“I want to be cooperative about this, but there are certain limits to my cooperation. I don’t want to help you divide or smash this particular guild, or to infiltrate the motion-picture business in any way for the purpose which seems to me to be to try to control that business, to control what the American people can see and hear in their motion-picture theaters.”

My hypothesis is a little more complex than that. I do think this was going on, that this was the stick with which to beat the dream factory, while the entertainment liaison offices with all their toys and tricks were the carrot. But I think there might be another layer to this, in the form of a minor turf war between the FBI and the nascent CIA.

The FBI was founded in its original form in 1908, but the CIA didn’t officially come along until nearly 40 years later. The FBI enjoyed quite a good relationship with Hollywood, one where they didn’t tend to admit official co-operation with a production, but they very much did co-operate. See, for example, 1939 movie Confessions of a Nazi Spy, possibly the first major anti-Nazi blockbuster movie. Or see 1945’s The House on 92nd Street, a wartime spy story in much the same vein as O.S.S. and Cloak and Dagger.

So the FBI and OSS/CIA were not just competing for authority, territory, budgets, they were also competing for public images using the increasingly compliant dream factory. If anything, with their exotic locations and ability to kill people and blow stuff up, OSS and CIA agents had a one-up on the FBI, in terms of entertainment.

I think this competitiveness to some extent explains why some of the Hollywood Ten were chosen to make an example of, and to herald in this new era of blacklisting. The FBI does note how Albert Maltz and Ring Lardner Jr worked on Cloak and Dagger, and repeatedly lists this film as Communist propaganda. Given their vast network of informants they must have realised the true provenance and purpose of this film, so why attack its screenwriters under the guise of anti-Communism if not to send a message to the emerging CIA? The message being ‘hands off Hollywood’. And in truth, despite these three OSS movies all being made with OSS technical advisors and all being released in 1946 immediately following the war and immediately preceding the founding of the CIA, despite all that, the CIA did not establish an office in Hollywood until the 1990s. They were still involved, but in a different sort of way.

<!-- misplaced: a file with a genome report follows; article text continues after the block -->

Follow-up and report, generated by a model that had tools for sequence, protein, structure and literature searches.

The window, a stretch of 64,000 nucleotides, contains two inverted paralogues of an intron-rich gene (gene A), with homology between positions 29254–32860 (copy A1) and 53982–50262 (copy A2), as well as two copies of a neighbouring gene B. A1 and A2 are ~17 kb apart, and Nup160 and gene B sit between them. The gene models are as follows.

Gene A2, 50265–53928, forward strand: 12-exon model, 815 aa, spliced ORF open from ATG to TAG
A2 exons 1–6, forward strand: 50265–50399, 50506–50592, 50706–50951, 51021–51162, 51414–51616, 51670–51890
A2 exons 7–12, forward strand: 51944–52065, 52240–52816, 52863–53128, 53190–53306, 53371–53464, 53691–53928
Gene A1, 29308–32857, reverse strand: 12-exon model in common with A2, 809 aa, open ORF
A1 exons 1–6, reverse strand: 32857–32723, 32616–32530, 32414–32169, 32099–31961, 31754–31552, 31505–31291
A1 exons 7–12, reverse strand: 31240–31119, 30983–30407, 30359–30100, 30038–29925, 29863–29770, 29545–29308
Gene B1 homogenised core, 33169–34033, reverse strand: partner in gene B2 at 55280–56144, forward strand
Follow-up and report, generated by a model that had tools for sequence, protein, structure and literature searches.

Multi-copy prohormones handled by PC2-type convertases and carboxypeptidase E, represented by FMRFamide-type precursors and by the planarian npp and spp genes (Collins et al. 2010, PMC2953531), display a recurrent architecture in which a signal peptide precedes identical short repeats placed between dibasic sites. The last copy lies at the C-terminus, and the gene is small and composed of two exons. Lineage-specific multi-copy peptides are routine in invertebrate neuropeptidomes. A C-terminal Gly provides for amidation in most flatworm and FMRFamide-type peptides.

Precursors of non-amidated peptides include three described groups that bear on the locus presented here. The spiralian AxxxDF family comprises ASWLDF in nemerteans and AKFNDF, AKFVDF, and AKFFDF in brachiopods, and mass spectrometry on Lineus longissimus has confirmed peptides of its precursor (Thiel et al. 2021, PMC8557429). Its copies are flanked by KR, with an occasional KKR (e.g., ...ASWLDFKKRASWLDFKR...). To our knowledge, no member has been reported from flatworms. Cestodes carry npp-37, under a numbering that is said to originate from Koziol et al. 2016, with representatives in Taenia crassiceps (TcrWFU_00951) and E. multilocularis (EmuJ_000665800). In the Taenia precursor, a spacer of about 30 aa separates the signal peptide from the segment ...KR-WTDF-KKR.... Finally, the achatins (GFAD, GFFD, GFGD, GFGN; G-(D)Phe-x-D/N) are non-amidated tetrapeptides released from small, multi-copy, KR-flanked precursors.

One such way was through the likes of Eric Johnston, the head of the Motion Picture Association of America, the MPAA. He was given the job in 1945, and oversaw the blacklisting process including issuing what is now known as the Waldorf Statement in the wake of the Hollywood Ten refusing to answer questions before congress.  He was also, it is my belief, a CIA asset. A while ago I posted some CIA documents showing how he was good friends with Allen Dulles, and when he travelled to the Soviet Union to meet Kruschev he reported back to the CIA. When he hosted Soviet ambassador Menshikov along with old-school Soviet Anastas Mikoyan he also reported back to the CIA.

So, while the CIA didn’t really get their hands into Hollywood productions in a big way in the early Cold War, they did have an influence on how the stick, the weapon that was anti-Communism, was wielded. And that is the story behind the story of the Hollywood Ten.